By Rodger Rees, Galveston Wharves Port Director and CEO
The Galveston Wharves Board and staff are weighing our best options for funding major capital projects slated for the next few years. We’re considering issuing $100 million in bonds to help fund much-needed, time-sensitive projects, including expansion of the West Port Cargo Complex, improvements to the Pier 25 cruise terminal, and construction of a proposed fourth cruise terminal at Pier 16.
These three projects are critical for port growth to continue to boost port revenues, local jobs and the regional economy. The bonds could be leveraged with millions of dollars in grants, private-sector funds and the port’s operational reserves for maximum benefits. As a self-sustaining city entity, we’ll seek approval from our Galveston Wharves Board of Trustees and the city for issuance of the bonds.
Much of this work, including the cargo complex and the proposed fourth cruise terminal, are included in the port’s 20-Year Strategic Master Plan adopted in 2019. The plan details more than $600 million in critical projects, including an interior roadway and rehabilitation of long-neglected, deteriorating docks.
How loan proceeds are allocated will depend on whether the port is able to secure $44 million in American Rescue Plan Act money from the state of Texas. We’re hoping to get a favorable decision from the Texas Legislature this session to reimburse the port for some of the $58 million in revenues lost during the CDC-mandated, 15-month-long cruise suspension.
INVEST MONEY TO MAKE MONEY
A third of the $100 million in proposed bonds would fund the port’s portion of improvements to the 2-decades-old Cruise Terminal 25 to accommodate the brand-new Carnival Jubilee. The LNG-fueled ship will arrive in December. Carnival is also contributing to the improvements.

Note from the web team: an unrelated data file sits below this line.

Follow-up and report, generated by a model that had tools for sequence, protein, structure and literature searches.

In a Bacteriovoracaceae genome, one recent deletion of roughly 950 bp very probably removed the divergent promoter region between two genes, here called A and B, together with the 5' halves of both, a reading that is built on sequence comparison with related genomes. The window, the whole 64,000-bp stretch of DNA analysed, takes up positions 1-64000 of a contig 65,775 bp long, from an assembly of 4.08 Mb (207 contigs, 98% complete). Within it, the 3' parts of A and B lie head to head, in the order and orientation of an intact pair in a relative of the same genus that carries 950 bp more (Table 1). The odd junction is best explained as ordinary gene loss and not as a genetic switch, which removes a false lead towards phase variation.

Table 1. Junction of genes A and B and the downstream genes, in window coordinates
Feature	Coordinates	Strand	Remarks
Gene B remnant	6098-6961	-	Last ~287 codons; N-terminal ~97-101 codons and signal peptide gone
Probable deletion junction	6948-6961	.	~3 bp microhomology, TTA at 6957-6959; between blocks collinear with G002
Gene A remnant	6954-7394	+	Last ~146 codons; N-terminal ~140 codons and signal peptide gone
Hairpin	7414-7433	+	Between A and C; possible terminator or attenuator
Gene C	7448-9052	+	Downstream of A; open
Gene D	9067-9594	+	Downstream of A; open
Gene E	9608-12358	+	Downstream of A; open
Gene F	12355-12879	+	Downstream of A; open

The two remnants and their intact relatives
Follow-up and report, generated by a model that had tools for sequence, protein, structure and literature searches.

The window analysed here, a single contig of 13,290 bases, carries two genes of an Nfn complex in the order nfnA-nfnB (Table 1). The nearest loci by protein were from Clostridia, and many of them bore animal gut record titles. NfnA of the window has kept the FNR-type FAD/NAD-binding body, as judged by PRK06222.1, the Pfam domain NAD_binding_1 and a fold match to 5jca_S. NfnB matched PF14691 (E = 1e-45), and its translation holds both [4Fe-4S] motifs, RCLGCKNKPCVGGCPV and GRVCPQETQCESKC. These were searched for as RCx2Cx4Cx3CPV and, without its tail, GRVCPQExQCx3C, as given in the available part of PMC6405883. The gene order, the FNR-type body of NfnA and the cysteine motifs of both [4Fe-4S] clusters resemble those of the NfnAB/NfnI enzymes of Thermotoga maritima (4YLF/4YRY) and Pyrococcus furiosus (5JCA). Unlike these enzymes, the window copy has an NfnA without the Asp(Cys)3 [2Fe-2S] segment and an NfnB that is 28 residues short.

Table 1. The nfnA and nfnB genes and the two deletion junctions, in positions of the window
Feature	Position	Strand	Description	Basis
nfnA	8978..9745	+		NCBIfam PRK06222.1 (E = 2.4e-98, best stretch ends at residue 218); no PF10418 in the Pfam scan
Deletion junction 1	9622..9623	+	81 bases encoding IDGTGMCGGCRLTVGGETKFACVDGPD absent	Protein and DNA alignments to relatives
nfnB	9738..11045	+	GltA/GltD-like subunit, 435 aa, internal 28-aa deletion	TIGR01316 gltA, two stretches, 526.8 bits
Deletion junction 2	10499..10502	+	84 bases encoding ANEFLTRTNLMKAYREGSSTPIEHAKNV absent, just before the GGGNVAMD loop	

The Jubilee is much larger than the Carnival ships currently sailing from the terminal. Preparations for the Jubilee, as well as repairs to the aging building, will include berth upgrades, a roof replacement, gangway modifications, and passenger area changes to efficiently move more passengers.
Included in Cruise Terminal 25 improvements is $10 million projected for mandated improvements to facilities used by U.S. Customs and Border Patrol, which provides essential safety and security services at the terminal.
More than half of the $100 million would fund construction of a fourth cruise terminal at Pier 16, in a proposed partnership with MSC Cruises. According to a recent economic study, a fourth cruise terminal will generate 925 jobs, $177 million in annual local business revenue, and almost $5.1 million in state and local taxes per year.
Shifting to cargo improvements, $12 million is budgeted to build a wall to enclose Slip 38 and to begin filling the slip at the cargo complex to add dockage and to eventually expand cargo laydown areas. Completing the fill project could cost another $18 million or so.
None of us likes debt, but I think everyone understands that we have to go into debt to finance time-critical projects of this magnitude. We have healthy cash reserves and strong financial projections based on our cruise growth.